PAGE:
Androgen levels and the free androgen index (FAI) are persistently suppressed, partially due to a significant increase of SHBG, but mainly as a result of persistently lowered LH levels. Young PCOS patients show lower androgen levels within 3 months after drilling and a significant increase of ovarian blood flow, but no effects on leptin levels [58]. Ovarian drilling does not affect adrenal steroidogenesis, as demonstrated by adrenocorticotropic hormone (ACTH) tests in 14 voluntary patients [59].

At least 30% of PCOS patients show metabolic disorders, such as hyperinsulinemia and insulin resistance. Ovarian drilling displays some beneficial effects on glucose and insulin responses in an oral glucose challenge test [59], although these findings could not be confirmed by others [60]. Hyperglycaemic clamping did not show any improvement in insulin sensitivity after ovarian drilling [61]. Today, there is no evidence that ovarian drilling might positively influence insulin resistance.

Ovarian drilling significantly reduces the ovarian volume [55, 62]. Furthermore, ovarian vascularisation is increased, with a significantly higher pulsatility index and resistance index [63]. Data concerning the number of drilling holes needed to achieve positive effects on hormonal profiles, ovulation rate and pregnancy is limited. In a rather small prospective, randomised study, Balen and Jacobs [28] performed unilateral LOD in four patients and bilateral LOD in six patients. They could not demonstrate the occurrence of pregnancies, but patients after unilateral LOD ovulated from both sides and they discussed that correction of the disturbed ovarian–pituitary feedback might be the most important effect of LOD.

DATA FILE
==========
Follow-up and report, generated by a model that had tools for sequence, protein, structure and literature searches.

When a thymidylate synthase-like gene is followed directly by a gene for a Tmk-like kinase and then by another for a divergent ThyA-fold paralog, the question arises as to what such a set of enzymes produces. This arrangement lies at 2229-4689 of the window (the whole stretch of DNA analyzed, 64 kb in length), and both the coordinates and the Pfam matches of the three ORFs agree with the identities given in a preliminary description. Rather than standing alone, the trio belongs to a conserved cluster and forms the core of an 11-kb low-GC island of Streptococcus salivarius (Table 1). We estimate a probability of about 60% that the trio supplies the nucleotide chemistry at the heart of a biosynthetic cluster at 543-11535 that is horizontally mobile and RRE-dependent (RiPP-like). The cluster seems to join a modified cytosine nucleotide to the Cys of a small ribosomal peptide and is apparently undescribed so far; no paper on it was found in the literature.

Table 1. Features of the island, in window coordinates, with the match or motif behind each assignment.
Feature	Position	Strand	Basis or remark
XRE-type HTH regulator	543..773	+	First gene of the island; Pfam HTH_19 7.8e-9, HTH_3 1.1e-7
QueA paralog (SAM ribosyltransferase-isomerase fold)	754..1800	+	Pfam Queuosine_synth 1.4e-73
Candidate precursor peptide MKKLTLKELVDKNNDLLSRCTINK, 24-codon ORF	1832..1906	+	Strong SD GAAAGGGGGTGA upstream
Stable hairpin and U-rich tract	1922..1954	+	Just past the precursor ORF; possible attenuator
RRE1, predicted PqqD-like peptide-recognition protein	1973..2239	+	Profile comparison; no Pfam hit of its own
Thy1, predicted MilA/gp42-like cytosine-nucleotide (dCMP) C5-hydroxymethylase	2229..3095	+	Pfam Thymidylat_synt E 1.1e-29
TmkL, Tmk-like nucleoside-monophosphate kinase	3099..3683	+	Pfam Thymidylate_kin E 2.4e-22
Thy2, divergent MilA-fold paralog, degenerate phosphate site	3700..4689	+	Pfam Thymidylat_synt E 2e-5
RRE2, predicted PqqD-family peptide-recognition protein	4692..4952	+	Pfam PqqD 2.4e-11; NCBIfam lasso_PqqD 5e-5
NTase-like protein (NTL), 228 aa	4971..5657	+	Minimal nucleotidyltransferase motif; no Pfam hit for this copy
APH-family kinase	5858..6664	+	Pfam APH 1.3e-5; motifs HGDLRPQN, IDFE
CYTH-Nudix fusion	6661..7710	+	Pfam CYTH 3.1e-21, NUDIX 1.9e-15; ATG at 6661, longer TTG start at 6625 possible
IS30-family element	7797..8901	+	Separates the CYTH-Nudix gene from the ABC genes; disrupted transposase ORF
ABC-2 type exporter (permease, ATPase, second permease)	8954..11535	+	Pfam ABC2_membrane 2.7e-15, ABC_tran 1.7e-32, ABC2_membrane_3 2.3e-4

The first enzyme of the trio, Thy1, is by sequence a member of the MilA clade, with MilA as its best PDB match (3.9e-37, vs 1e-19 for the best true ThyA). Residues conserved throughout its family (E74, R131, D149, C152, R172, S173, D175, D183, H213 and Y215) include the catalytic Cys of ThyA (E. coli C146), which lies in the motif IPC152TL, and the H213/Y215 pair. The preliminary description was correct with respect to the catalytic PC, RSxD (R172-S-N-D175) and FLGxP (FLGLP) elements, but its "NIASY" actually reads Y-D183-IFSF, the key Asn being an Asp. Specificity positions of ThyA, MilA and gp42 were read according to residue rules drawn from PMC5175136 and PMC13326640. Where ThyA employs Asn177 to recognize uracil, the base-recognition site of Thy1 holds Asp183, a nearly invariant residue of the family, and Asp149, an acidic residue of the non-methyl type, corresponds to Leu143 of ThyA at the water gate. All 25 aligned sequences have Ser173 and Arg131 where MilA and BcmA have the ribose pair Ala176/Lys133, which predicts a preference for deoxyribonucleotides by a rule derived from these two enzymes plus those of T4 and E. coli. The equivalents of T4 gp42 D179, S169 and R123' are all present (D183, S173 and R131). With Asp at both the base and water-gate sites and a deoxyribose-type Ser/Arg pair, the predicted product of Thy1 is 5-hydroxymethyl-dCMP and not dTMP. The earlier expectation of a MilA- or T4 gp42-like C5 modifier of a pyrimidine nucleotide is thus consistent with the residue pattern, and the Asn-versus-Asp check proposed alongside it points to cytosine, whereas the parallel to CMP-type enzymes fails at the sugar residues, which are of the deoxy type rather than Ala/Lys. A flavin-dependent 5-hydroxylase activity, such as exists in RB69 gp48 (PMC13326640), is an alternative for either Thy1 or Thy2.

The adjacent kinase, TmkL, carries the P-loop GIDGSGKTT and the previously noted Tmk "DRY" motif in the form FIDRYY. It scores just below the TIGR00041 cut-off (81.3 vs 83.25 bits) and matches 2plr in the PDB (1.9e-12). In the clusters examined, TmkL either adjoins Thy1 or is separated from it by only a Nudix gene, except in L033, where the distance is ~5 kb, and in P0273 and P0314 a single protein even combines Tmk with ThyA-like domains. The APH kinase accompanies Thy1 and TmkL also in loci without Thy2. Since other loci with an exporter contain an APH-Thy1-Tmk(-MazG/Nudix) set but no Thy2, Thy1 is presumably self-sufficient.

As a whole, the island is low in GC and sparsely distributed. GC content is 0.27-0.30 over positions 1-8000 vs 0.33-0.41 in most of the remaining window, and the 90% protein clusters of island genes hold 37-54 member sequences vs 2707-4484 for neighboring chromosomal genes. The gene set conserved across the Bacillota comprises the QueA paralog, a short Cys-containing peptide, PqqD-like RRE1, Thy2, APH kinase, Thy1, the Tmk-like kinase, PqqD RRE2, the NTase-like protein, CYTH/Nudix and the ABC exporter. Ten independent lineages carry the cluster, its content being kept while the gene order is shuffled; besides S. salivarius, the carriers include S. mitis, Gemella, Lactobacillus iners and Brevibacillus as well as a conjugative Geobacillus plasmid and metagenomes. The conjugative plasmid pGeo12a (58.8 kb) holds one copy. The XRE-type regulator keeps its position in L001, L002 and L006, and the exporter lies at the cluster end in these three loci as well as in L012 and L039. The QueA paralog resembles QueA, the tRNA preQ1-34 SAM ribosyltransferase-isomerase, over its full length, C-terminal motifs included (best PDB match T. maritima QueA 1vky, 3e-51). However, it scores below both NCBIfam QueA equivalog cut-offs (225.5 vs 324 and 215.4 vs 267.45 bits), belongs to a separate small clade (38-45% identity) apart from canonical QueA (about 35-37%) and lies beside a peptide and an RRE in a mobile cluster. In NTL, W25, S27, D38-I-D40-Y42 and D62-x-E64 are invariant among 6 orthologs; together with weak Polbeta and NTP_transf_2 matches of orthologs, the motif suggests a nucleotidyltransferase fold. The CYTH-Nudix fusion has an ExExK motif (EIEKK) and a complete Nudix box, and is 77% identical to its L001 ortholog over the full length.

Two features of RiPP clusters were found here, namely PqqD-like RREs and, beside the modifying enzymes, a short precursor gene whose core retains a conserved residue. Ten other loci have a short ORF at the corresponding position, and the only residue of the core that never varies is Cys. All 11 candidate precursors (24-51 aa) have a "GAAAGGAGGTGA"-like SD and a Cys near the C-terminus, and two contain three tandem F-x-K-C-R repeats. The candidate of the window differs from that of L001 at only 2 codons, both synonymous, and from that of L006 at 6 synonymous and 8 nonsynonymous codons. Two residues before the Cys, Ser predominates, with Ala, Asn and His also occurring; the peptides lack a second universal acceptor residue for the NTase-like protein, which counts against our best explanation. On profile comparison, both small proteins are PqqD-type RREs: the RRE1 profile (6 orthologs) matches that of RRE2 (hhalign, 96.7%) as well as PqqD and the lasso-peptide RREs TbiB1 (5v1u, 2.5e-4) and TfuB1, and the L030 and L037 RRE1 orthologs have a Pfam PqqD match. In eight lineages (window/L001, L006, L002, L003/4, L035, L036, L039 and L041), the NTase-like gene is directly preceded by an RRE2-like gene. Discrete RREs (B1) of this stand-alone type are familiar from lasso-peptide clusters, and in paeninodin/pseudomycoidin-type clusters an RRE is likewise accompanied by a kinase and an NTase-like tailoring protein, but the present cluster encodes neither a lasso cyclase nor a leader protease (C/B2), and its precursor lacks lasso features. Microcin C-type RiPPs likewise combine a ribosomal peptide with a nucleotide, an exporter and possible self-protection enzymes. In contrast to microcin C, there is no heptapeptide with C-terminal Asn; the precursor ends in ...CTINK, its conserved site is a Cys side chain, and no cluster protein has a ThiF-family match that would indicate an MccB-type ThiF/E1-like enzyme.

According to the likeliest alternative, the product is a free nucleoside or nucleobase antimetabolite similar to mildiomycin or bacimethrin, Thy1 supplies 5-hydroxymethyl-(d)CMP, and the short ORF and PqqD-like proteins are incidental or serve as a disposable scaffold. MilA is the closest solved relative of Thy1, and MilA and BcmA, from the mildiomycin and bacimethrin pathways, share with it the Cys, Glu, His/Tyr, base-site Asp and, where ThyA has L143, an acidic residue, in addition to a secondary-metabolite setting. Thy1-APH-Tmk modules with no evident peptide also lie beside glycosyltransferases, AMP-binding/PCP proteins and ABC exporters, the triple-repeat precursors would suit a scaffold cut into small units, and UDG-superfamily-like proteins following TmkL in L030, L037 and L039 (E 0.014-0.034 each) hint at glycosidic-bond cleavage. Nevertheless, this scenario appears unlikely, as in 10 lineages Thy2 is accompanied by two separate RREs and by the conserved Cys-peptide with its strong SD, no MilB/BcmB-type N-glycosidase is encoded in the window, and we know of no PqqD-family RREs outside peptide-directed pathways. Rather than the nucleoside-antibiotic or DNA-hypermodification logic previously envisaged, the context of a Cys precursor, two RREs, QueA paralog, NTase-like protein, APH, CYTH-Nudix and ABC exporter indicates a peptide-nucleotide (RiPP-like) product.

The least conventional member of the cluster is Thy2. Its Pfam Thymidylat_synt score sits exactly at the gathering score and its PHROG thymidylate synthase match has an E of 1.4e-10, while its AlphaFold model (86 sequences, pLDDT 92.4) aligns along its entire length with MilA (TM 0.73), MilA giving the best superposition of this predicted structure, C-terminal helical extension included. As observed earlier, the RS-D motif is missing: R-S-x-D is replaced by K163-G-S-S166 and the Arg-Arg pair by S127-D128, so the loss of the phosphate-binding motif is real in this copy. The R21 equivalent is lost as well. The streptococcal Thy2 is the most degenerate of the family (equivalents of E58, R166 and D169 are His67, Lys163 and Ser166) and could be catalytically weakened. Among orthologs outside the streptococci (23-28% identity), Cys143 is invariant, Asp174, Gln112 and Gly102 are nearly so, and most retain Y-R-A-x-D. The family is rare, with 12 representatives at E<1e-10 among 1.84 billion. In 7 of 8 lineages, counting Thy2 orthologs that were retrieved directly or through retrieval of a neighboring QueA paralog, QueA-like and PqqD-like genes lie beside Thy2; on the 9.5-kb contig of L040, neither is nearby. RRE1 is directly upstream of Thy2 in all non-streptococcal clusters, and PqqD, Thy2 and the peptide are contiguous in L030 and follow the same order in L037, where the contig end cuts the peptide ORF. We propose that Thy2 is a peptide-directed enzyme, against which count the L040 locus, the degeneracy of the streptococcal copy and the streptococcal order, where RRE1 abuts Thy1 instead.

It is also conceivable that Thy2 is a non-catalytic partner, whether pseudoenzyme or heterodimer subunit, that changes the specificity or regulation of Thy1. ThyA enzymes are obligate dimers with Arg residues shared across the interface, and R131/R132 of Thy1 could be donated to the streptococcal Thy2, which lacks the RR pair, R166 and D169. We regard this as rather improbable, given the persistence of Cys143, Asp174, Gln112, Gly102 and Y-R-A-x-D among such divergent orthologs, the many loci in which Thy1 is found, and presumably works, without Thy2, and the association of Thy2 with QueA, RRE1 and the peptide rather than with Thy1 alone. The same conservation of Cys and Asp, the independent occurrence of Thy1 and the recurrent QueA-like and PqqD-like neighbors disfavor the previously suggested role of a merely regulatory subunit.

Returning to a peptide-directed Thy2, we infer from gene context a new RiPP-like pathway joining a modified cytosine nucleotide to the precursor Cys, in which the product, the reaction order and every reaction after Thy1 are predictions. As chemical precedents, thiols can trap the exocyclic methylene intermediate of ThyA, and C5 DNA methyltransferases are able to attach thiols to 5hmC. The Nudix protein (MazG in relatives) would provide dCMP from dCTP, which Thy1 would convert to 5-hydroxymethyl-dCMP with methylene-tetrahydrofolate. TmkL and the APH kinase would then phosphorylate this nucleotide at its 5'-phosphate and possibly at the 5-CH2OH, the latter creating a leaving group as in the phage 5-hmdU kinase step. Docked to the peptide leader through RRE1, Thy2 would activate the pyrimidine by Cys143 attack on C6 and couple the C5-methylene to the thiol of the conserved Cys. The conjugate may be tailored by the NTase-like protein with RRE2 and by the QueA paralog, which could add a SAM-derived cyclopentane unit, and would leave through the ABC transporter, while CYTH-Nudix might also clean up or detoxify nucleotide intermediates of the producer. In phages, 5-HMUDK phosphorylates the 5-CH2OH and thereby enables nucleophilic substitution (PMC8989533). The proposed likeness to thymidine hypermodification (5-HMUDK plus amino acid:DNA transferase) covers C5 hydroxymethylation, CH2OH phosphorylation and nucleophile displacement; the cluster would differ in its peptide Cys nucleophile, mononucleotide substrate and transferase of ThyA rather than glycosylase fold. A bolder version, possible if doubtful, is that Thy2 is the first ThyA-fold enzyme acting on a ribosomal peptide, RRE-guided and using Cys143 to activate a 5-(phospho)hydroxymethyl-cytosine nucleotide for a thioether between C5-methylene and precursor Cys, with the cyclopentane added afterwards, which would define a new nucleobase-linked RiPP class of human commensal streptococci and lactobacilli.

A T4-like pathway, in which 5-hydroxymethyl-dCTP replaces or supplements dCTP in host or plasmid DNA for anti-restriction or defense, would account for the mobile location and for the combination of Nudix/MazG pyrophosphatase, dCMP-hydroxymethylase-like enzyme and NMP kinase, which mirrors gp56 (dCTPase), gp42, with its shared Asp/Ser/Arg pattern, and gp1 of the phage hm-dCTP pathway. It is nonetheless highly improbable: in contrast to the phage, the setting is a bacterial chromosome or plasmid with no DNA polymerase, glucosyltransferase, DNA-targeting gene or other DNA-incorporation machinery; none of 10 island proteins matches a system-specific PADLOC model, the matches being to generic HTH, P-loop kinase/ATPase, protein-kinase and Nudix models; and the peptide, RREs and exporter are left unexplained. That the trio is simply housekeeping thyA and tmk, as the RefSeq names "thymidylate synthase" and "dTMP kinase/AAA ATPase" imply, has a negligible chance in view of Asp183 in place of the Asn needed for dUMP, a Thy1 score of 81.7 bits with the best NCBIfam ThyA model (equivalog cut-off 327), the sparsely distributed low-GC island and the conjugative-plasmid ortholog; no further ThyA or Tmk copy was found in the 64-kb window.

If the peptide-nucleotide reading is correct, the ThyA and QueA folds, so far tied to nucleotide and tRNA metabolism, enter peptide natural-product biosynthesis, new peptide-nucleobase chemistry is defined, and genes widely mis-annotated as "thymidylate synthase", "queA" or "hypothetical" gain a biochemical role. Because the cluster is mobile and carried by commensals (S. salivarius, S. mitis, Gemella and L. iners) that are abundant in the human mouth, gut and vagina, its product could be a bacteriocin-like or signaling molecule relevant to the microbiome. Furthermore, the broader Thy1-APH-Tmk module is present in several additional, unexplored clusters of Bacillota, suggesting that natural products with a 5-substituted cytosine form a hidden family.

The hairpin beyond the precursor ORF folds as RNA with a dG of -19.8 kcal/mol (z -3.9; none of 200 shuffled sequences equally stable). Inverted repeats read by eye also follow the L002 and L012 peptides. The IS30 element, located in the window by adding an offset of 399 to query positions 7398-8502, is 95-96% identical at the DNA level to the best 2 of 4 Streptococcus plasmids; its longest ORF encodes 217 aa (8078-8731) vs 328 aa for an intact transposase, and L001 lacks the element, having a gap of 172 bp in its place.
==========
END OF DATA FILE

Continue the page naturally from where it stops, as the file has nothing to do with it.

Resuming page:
Results

Ovulation and pregnancy rate

Reports on ovarian drilling reveal excellent results. Even clomiphene-resistant patients show a high rate of spontaneous ovulations after the laparoscopic procedure [48]. The original work by Gjönnaess [16] describes an ovulation rate of 92% and a pregnancy rate of 80%. Six months after drilling, standard ovulation rates are between 63% and 81% [31, 32, 43]. Ovulation seems to be independent of the drilling technique [23, 24]. Results of the studies are given in Table 1.

In 57 patients, Cleeman et al. [64] have shown that the average time to pregnancy was 135 days, leading to an overall pregnancy rate of 61%. Therefore, these authors consider laparoscopic ovarian drilling as first-line treatment in anovulatory PCOS patients.

However, there are only few prospective randomised controlled trials. Randomised studies compared hormonal stimulation with LOD or other treatment options with LOD, such as metformin, unilateral and bilateral diathermy or different laser systems (Table 2). Only randomised controlled trials will be introduced in more detail in this review and discussed in special sections.
Table 2

Randomised controlled trials in laparoscopic ovarian drilling (no abstracts)